Though I always like visiting new destinations, when I really like a place, I want to go back, and I often revisit places. In February, I went back to Manuel Antonio, Costa Rica. The last time I was there was in 2003, and I remember it for its amazing number of monkeys, lush jungles, and wide, white-sand beach. While it was touristy back then, I wouldn’t say it was “overdeveloped.”
When I came back this year, I was shocked to find that the only thing that I could recognize of the Manuel Antonio I used to know was the beach. The road running between Quepos (the closest main town) and Manuel Antonio once boasted a single restaurant, but now it’s lined with hotels, resorts, and overpriced eateries serving Western or Americanized dishes. The beach, which was once so quiet, is now filled with hawkers, food sellers, and beach umbrellas.
One of the things that made Manuel Antonio so special is the park that sits on the town’s edge. To get there in 2003, you had to wade across an estuary and enter through a tiny gate. If you stayed in the park too late, the rising tide meant you had to swim! Now, there’s a new entrance from the road and a park center. What makes it even worse is the huge hotel that has been erected right by the park entrance. Nature’s serenity has been disturbed.
When I was there in 2003, I couldn’t walk five feet without tripping over an animal. Monkeys were everywhere, and I saw deer, land crabs, birds, and animals with names I didn’t know. Now, I could barely hear the sounds of the monkeys in trees, and I didn’t see one land crab in the park that wasn’t dead. The only monkeys I saw were the ones on the beach waiting to be fed by tourists.
I was there with Jess and Dani from Globetrotter Girls. Dani had never been there before, but Jess had visited in 2000, and we both lamented the change. “We might as well be in America,” she said. “This could be Hawaii, California, or Florida.”
Manuel Antonio had me wondering if development could be too much of a bad thing. A while ago, I wrote a post called How Travel is Bad for the World. In it I said:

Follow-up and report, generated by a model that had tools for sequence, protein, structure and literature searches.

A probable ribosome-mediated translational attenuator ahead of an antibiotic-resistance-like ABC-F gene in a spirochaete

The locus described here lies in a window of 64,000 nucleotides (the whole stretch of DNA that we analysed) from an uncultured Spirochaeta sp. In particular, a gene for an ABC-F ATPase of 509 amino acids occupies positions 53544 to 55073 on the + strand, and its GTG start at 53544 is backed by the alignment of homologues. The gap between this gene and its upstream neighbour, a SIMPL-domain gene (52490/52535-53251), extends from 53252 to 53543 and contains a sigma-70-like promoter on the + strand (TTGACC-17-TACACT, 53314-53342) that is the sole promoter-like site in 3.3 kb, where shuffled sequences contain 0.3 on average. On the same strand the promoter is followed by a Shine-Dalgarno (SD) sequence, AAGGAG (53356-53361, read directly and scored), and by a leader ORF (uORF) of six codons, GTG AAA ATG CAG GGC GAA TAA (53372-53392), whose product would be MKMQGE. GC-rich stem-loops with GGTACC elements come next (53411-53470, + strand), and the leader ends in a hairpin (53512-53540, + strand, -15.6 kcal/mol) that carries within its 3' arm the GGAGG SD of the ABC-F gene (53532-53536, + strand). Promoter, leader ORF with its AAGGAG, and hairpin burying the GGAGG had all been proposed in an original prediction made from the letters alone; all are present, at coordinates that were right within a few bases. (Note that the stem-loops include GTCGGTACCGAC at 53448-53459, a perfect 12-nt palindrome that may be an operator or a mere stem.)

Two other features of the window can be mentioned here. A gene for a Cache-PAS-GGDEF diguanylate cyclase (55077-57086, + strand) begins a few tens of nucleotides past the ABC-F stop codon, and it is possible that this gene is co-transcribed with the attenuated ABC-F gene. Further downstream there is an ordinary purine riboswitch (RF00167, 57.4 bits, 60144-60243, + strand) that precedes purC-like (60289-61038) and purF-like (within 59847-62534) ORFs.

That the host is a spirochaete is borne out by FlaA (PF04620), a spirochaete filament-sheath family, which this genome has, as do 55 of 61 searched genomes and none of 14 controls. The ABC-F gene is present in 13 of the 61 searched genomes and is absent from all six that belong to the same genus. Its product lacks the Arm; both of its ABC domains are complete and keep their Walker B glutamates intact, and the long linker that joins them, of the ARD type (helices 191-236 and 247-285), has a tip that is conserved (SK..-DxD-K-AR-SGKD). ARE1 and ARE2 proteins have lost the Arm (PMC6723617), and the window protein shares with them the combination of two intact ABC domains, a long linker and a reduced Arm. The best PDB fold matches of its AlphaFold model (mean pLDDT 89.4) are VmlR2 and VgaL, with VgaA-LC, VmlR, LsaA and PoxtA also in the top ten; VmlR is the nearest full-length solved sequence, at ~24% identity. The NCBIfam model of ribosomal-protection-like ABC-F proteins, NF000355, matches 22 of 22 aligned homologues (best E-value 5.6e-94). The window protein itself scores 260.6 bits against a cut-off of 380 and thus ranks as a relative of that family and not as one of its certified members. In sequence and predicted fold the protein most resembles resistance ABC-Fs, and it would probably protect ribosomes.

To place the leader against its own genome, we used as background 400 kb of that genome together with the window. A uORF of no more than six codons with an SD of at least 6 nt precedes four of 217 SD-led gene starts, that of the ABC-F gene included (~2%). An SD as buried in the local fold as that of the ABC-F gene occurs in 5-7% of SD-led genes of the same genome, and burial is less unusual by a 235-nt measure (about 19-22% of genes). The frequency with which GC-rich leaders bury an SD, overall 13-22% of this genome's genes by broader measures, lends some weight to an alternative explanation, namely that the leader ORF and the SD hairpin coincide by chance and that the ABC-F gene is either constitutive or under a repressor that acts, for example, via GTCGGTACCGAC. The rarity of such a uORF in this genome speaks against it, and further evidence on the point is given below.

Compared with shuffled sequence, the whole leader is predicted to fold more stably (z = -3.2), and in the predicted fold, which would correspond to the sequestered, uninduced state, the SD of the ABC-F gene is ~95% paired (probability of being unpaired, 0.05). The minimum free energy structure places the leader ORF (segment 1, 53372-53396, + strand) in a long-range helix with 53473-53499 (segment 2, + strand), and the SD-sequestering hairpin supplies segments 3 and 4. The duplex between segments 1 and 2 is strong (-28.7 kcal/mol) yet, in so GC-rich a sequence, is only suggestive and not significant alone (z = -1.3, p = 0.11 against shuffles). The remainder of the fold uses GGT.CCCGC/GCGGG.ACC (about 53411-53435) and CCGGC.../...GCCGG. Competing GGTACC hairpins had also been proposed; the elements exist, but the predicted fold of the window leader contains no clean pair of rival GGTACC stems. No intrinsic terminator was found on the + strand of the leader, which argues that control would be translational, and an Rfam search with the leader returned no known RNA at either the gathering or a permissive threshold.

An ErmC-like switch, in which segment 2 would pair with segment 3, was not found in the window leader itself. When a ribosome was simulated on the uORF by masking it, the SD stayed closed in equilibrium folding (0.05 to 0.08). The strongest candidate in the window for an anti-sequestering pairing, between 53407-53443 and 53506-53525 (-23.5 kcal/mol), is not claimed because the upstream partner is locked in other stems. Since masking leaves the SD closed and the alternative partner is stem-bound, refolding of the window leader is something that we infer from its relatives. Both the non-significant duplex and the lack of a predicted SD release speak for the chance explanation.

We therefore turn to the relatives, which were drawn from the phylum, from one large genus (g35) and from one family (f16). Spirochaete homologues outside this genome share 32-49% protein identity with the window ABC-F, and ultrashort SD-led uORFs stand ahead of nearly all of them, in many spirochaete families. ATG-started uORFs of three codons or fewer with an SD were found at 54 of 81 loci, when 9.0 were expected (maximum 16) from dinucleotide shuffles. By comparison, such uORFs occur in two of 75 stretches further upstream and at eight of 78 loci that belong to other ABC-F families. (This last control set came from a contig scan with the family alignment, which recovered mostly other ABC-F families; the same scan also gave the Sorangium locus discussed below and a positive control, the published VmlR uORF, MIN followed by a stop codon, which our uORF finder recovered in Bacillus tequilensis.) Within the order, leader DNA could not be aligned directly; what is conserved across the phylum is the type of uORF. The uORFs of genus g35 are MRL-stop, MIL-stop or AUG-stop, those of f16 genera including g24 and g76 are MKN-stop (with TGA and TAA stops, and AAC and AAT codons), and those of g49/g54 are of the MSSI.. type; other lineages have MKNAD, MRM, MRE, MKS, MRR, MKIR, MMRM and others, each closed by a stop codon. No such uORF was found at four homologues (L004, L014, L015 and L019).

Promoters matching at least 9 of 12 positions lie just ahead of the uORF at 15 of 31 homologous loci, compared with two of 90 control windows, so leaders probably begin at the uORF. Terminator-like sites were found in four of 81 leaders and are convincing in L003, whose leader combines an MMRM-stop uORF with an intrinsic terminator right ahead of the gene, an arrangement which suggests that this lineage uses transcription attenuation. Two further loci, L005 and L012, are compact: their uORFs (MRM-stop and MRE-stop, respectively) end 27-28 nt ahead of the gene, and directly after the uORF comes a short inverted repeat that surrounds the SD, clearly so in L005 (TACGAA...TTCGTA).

“Traveling is not the most eco-friendly of activities. Flying, cruising, eating out, and driving around all have a negative impact on the environment. Most people, when they travel constantly, use towels in hotel rooms, leave the air conditioner going, or forget to turn off the lights. Jet-setting around the world in airplanes or driving around in an RV all contribute to global warming. Between waste, development, and pollution, we’re doing exactly what The Beach said we would do — we’re destroying the very paradise we seek.”
One of my favorite travel books is The Beach. I relate to the theme of the book all too well. It’s about how travelers, especially backpackers, look for paradise that doesn’t exist outside their heads and how even when they find something great, they end up ruining it.
On the road, I often encounter travelers who talk about how good a place was 10 years ago, but how “the tourists” have ruined it now. It’s always said with snide superiority, and I hate it. “If you don’t like it, why are you back?” I say to them. Now, having come back to a place I haven’t been to in seven years, I wonder if I’m being like those travelers. Have I become jaded, or am I simply romanticizing the past?
Certainly, development has brought many great things to Manuel Antonio. The local economy is booming now that there’s a lot more work for locals. There’s more money for better roads and infrastructure. The water is now clean to drink. There are more accommodation options for visitors. The pollution and environmental destruction you see in so many beach towns isn’t here yet. I can still swim in the water, the park hasn’t been cut down, and the roads aren’t filled with trash.
But what about the heart of a place? Has development destroyed the soul of Manuel Antonio? I noticed that prices are a lot higher, and there are a lot of big hotels that are in no way environmentally friendly. The road from the nearby main town of Quepos is now filled with hotels, and the jungle that was there is gone. Most apparent to me was the lack of animals in the park, which have almost certainly been scared away by the sudden influx of people hunting them down for that trophy travel photograph.
I can’t help thinking that what made me love this place has disappeared. “There are too many people here,” I told Jess. “It’s too touristy now.” And after I said it, I thought back to those travelers I’ve met and thought, “Ohh, no. Have I become that person? Have I become what I hate?” But now, I see the big point those travelers often so ineloquently try to make. It’s not that the place is bad now. What those travelers are really upset about is that the image in their mind is ruined. What they remember…what they came back for…isn’t there anymore.
The romantic picture they painted is gone, and with it their innocence.
Yes, there’s more of everything in Manuel Antonio. It’s far more developed, but that doesn’t make it bad. It doesn’t mean that it’s “ruined.” I still recommend Manuel Antonio to travelers, and I’ll probably go back there again. What really upset me is not the development in Manuel Antonio but my own loss of innocence. It was the realization that the romantic image in my head isn’t reality now. Places change. They don’t stay the same. As much as we want for that place to always be how we left it, that can never happen. We can never simply insert ourselves back into the past and into our memory. Life is linear. It changes.
In the end, Manuel Antonio was never ruined. My false image of reality was, but in the long run, it’s simply better to enjoy places as they are and not lament how they used to be.
For more on going back to places you love, read these articles: